Disclaimer: This post is only about my experience as a first generation student. My experience is not truth. While I try to highlight some research done on this topic and point to others’ reflections, it’s worth stating that first generation student’s experiences are as diverse as they are.
Sometimes I get comfortable. I start to think that I have “made it” (whatever the hell that means), that I finally have some level of comfort with the academy, that I can speak the language of academia, that I can honor where I come from while still fitting in where I’ve worked so hard to be. And then I realize just how naïve I am.
A lot has happened in the last few months to bring me back to this topic. Kelly Kietur recently wrote a brilliant blog post entitled “HOT TAKE: class feelings and lis,” where she names her feelings of never belonging as being a “perpetual outsider”. This really resonated with me and pushed me to think about and reflect upon my recent experiences and how they relate to my first generation student status.
I just moved to a new institution, Davidson College, to start my journey as a new professional. The transition has been smooth sailing, mostly because of the awesome team that I have here. Still, Davidson is a very prestigious, selective college (the class of 2018’s median ACT score was a 31, which is 5 points higher than my best) and it has been difficult for me not to psych myself out about being in this environment. Davidson also recruits brilliant faculty that have degrees from other highly prestigious institutions. I often find myself doubting my ability (more on this later) to connect with them in a meaningful way or even have an in-depth conversation with them.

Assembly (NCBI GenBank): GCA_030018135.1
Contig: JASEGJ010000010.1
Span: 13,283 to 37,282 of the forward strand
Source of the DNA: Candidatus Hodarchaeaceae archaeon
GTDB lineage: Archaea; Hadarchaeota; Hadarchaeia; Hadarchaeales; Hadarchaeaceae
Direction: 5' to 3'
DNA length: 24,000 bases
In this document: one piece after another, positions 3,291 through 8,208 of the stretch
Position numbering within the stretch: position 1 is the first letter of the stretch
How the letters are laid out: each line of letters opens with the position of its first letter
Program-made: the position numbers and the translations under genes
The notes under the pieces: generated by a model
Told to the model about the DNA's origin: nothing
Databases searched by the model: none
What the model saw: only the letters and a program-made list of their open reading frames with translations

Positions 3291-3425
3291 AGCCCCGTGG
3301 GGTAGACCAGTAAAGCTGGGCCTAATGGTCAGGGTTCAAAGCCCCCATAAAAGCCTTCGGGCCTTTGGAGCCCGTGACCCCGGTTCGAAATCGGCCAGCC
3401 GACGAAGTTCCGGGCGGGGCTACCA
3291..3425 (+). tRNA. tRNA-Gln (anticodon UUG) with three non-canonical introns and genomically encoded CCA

In addition to adjusting to Davidson, I’ve spent a lot more time with my mother recently. A few weeks ago she volunteered to help me move everything I own down to North Carolina, which was not an easy task, given that it was almost one hundred degrees for most of the move. Even just this one act illustrates my mom’s thoughtfulness and generosity. She has taught me things about the world that you can’t learn in a classroom. She continuously keeps me grounded but still ambitious. Yet being with her for almost a week reminded me that we always have to remember where we come from. She mispronounced words that are in my daily vocabulary now. She asked me a lot of questions about flying because she hadn’t been on a plane in over a decade. She talked about the physical work she had been doing and her fear of not having a real plan for retirement. I say these things not to embarrass my mom or ground sweeping statements about those without post-secondary education but simply because I think they illustrate what sparked my reflection. Does pronunciation really define how I feel about my mom? Of course not. But here I’m reminded of one of Maria Accardi’s more recent insights on her Library Burnout blog:
I think that the impulse to compare yourself to others in order to improve your mindset or make you feel grateful is not always the most affirming mental move to make, but thinking about my life in terms of my mother-in-law’s life has certainly informed and enriched my perspective, because while I do feel marginalized in some areas of my life, I also exist on multiple axes of privilege.
I value every minute I get to spend with my mom. But every minute also reminds me that I’m often playing make-believe, trying to pretend that I fit into academia and the poverty that I come from or, worse, that I have finally found my true place in the academy and that I should be ashamed of where I started and who I “left behind”. These feelings often create a sense of guilt that can be unmanageable.